Sepang MotoGP: Lucky escape for Chaz Davies on tough first day

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British rider Chaz Davies had a lucky escape on the first day of the Malaysian GP in Sepang after he was involved in a tangle with Japan’s Shinya Nakano in this morning’s opening free practice session.

TV pictures showed Nakano lying in a heap before limping heavily away from a crash under hard acceleration exiting the second corner.

But what the cameras hadn’t picked up was that Konica Minolta Honda rider Nakano had collided with the back of Davies after his D’Antin Ducati broke down exiting Turn 2.

Davies said: “My bike cut out coming out of Turn 2 and he hit me from behind. My bike just stopped dead and he obviously had nowhere to go.

"I was close to coming off. It sort of dragged me off the bike but as soon as he unhooked from my bike I luckily got straightened up and just got wobbled off. It was pretty lucky. After that it took me a while to get back going again.”

Making his second appearance for the D’Antin squad as replacement for axed German Alex Hofmann, Davies had a tough first day in the Far East, finishing 17th fastest.

Intermittent rain showers did little to help him get the crucial dry track time he needs to adapt to the Ducati’s GP7 machine, but he said plans to increase power tomorrow should help him achieve much faster lap times.

He ended up 2.9s adrift of fastest rider Randy de Puniet and said: “The start of the session this afternoon was wet and we went out on wet tyres but it was basically dry.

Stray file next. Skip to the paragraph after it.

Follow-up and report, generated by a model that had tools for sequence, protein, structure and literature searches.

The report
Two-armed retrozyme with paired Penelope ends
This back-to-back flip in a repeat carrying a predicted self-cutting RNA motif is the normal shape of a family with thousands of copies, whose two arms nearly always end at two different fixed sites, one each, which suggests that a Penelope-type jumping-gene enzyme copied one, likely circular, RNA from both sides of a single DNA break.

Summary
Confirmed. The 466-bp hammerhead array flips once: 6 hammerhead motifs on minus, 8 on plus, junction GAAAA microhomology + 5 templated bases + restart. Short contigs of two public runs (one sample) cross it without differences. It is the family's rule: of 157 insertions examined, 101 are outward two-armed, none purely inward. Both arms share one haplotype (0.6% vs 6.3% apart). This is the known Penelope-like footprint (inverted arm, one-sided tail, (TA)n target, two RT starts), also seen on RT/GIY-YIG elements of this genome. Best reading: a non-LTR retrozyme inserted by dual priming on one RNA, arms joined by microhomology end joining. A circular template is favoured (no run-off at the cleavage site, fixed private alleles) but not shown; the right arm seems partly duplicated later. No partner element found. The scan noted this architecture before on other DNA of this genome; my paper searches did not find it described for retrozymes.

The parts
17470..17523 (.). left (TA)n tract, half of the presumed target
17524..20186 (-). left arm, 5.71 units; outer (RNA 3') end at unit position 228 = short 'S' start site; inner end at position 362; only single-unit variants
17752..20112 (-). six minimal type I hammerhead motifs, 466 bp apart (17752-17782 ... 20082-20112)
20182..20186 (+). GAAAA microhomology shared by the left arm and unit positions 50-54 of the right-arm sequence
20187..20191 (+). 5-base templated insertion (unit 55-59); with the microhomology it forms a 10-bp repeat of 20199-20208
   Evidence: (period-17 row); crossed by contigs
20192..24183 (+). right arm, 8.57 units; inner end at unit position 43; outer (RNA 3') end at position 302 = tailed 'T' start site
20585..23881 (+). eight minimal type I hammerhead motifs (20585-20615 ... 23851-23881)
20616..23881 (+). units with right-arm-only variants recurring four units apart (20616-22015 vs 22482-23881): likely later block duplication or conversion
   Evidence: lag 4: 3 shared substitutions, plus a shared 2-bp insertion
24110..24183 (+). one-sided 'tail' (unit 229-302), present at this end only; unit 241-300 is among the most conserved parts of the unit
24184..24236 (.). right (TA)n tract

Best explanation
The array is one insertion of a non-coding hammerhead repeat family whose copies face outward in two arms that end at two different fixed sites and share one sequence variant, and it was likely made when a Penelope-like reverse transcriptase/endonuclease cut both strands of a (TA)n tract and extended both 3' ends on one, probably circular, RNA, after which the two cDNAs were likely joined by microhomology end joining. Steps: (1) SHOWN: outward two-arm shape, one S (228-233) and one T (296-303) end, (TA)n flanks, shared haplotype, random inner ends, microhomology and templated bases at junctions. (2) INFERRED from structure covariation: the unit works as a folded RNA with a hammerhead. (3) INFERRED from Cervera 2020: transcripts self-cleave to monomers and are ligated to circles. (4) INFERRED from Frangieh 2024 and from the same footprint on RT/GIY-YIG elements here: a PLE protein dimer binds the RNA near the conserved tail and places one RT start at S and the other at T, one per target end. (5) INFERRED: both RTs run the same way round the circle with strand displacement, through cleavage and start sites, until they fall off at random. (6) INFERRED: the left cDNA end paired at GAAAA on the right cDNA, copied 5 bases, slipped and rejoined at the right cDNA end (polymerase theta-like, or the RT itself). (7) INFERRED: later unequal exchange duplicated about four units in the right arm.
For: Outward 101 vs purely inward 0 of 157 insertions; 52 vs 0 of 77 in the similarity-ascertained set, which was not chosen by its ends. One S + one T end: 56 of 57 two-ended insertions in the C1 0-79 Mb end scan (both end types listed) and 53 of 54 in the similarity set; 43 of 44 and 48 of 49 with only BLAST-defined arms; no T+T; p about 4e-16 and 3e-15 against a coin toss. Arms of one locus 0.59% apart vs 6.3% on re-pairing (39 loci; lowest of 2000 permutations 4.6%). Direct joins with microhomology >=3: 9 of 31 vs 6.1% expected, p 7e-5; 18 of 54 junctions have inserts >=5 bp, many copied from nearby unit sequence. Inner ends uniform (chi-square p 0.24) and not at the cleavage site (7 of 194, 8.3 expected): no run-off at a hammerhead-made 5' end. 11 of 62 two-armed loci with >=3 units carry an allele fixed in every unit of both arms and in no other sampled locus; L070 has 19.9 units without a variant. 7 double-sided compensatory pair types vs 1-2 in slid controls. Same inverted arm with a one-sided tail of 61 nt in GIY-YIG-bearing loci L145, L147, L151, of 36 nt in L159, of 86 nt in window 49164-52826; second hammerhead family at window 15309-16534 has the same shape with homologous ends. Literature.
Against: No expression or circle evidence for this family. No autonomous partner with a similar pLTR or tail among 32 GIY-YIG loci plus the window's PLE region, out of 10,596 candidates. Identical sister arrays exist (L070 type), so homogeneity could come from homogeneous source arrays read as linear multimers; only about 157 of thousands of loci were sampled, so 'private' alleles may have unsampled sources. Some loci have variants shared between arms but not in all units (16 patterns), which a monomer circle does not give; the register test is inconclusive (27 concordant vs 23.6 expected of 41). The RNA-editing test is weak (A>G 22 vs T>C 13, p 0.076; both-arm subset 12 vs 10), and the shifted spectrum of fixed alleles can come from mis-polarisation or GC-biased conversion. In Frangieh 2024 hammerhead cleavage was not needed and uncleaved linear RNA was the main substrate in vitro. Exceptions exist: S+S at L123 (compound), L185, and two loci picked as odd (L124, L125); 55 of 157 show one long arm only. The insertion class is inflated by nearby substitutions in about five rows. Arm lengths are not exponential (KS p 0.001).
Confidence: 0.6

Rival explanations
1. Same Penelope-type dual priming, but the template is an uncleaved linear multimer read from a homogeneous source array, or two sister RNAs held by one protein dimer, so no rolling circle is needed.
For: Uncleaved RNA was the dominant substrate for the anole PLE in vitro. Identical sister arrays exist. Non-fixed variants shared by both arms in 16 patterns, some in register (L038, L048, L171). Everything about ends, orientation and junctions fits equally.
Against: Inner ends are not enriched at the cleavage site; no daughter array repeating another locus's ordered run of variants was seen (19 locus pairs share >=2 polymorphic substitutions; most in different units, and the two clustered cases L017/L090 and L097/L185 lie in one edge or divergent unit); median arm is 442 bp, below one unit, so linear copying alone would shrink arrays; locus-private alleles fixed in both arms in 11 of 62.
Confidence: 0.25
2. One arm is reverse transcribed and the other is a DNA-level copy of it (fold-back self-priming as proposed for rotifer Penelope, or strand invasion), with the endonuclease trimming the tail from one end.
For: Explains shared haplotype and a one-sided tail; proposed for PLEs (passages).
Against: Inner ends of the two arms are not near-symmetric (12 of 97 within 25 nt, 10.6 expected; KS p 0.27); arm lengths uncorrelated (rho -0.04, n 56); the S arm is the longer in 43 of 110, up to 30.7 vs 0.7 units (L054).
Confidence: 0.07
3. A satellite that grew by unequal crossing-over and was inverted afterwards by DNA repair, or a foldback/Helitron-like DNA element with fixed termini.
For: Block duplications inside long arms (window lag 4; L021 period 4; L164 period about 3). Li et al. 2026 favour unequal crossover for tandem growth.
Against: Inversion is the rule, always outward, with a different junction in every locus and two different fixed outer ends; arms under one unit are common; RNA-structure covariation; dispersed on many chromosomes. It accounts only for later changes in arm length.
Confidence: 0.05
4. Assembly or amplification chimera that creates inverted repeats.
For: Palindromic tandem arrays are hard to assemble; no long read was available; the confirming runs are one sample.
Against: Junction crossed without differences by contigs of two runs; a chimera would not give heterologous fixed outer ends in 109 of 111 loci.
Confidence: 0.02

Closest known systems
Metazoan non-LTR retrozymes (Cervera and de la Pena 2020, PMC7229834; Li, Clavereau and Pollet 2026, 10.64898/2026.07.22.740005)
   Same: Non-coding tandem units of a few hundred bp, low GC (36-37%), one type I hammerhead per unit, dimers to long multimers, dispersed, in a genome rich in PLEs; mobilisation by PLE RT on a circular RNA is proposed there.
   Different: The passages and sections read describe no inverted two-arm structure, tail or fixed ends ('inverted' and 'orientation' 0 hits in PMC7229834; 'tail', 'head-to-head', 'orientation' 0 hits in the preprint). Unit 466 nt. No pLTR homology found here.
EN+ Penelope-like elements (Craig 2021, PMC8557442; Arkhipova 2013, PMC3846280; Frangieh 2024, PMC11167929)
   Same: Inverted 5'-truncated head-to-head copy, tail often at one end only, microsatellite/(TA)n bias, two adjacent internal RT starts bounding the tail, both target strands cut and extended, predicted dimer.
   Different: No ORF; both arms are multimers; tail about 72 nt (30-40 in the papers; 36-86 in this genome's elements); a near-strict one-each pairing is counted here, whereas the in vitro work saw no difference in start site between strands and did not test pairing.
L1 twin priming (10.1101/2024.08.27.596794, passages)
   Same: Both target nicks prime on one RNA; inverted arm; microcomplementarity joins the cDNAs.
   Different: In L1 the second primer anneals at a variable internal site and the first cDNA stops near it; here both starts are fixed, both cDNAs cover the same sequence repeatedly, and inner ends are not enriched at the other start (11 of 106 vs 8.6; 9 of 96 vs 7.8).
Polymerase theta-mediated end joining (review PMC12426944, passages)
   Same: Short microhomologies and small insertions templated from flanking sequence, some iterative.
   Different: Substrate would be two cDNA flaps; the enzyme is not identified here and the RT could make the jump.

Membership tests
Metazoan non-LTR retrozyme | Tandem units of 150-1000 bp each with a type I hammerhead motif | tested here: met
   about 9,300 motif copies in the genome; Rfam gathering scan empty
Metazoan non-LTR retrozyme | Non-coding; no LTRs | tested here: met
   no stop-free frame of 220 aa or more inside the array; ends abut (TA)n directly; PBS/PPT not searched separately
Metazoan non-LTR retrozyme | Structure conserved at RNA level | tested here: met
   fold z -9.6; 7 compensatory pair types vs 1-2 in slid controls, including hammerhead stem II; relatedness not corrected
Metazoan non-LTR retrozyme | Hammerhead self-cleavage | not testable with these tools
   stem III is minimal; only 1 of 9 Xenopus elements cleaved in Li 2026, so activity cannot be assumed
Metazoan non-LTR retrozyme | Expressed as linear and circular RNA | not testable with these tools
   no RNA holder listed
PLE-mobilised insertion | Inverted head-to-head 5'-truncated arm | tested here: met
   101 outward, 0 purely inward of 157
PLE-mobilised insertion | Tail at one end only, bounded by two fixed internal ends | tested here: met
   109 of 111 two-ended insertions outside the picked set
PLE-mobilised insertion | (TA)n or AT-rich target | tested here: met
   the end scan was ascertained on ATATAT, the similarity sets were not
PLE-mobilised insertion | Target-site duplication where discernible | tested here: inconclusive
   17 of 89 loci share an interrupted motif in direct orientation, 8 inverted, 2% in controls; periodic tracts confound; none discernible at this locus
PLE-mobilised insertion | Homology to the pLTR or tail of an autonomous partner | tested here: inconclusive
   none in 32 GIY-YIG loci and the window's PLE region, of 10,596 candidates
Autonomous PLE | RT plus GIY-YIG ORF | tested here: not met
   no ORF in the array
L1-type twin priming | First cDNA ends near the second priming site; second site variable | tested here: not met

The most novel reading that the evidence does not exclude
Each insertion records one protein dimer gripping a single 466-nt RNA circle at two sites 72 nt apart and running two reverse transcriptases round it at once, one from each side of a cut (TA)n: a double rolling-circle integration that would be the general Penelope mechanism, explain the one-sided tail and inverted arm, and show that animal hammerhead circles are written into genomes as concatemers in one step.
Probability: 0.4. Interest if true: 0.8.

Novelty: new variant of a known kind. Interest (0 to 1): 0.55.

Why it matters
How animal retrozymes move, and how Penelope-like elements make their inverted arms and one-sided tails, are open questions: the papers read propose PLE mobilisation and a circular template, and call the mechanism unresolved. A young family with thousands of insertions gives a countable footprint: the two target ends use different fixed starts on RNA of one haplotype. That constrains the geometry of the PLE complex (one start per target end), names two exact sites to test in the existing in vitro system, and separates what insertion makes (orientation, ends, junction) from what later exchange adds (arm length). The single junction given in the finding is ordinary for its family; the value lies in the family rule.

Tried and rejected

“I was struggling to see where it was wet and where it was dry with the new tarmac because it is so dark.

"I made some good improvements and got the bike turning a lot better. But we need to make the bike a bit more aggressive because we have run it on a fairly safe ignition mapping today, but round here you need power. We’ll wind it up a bit tomorrow.”

Davies said he picked up some tips on mastering the long and technical Sepang circuit by following team-mate Alex Barros and new MotoGP world champion Casey Stoner, both who ride Ducati machinery.

“I have been here before but you have to change so much to adapt to the riding style of the 800. In a couple of places I’m still taking 250 lines. I followed Alex and Casey and on these things, because they have got so much power you can’t take any sweeping lines.

"You have to drive them towards the inside of the corner because in the fast stuff you can’t turn the bike if you go out wide.

"I have been struggling with that and it feels like I’ve never been here before, “said Davies who was also suffering from a painful back injury picked up during a round of golf with close pal Stoner earlier this week.

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Matthew Birt

By Matthew Birt